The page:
Climate Change, COVID, and Iran Top US Agenda at G20 Meeting

The leaders of the G20 group of countries gathered in a face-to-face meeting in Rome, Italy, this week, are likely to discuss the global recovery from the COVID-19 pandemic that has been hampered by a series of problems.

Issues to be discussed at the meeting, which will be their first meeting since the pandemic hit the world in March 2020, include the energy crisis that has spurred higher fuel and utility prices, the COVID-19 outbreak and bottlenecks in supply chains that have resulted in the impede the passage of the economy and goods to consumers.

The G20 group is the countries with the largest economies in the world, consisting of 19 countries plus the European Union.

On his trip to Europe, White House National Security Adviser Jake Sullivan highlighted the Biden administration’s priorities at the meeting.

“What the G20 will focus on is the future,” Sullivan told reporters. He said these included discussing cooperation with other countries to prevent future pandemics, and discussing climate change and focusing on Iran’s nuclear ambitions.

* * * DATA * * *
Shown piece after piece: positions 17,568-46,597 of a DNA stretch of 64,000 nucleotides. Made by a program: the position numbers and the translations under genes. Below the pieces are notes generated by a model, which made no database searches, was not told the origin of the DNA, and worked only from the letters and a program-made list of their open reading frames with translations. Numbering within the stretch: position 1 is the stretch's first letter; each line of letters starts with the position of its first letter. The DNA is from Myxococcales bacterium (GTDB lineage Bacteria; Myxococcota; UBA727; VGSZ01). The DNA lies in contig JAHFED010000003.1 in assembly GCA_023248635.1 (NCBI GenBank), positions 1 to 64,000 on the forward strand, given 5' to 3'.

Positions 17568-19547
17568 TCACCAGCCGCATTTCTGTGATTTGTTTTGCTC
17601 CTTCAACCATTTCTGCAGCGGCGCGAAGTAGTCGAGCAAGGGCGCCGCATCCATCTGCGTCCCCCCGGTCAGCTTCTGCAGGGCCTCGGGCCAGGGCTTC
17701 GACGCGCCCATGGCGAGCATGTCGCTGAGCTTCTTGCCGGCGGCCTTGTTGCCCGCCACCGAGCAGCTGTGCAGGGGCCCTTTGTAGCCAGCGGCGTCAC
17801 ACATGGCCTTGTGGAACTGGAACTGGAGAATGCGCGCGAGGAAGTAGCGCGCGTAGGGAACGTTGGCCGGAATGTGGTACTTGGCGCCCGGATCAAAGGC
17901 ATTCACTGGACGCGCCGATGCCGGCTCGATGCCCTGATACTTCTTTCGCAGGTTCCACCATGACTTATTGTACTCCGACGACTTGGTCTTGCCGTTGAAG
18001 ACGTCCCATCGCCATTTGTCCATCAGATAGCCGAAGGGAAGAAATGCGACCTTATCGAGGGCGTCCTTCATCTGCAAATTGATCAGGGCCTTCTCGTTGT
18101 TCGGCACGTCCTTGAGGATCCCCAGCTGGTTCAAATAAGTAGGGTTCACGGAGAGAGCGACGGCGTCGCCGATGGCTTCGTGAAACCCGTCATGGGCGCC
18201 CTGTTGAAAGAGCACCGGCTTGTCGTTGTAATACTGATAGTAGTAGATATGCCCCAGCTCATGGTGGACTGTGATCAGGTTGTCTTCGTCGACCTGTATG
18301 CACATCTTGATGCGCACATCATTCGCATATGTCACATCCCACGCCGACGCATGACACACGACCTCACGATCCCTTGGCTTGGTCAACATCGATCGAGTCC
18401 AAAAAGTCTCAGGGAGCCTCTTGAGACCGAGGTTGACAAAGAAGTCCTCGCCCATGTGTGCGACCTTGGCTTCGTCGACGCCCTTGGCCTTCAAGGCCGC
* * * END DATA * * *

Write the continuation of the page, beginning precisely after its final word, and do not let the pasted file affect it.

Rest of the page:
Sullivan dismissed the lack of agreement on US domestic policies, particularly in Congress, that would hinder President Joe Biden’s ability to discuss ways to combat climate change.

Biden, the second Catholic president in the United States, will meet Pope Francis at the Vatican on Friday. The visit was partly personal as Biden is also known to be quite religious. He will also discuss battling climate problems and confronting the autocracy with the Pope.

Biden will also visit the host of the G-20 summit, Italian President Sergio Mattarella and Prime Minister Mario Draghi before meeting French President Emmanuel Macron.

Biden is expected to meet Turkish President Recep Tayyip Erdogan, who days ago dropped his threat to expel Western diplomats. Erdogan has made purchases of Russian surface-to-air missiles, hindering his country’s participation in the F-35 fighter aircraft program.

At the meetings, Biden is expected to discuss Iran’s nuclear threat, and Iran’s decision to return to nuclear talks next month in Vienna, Austria. [lt/em]

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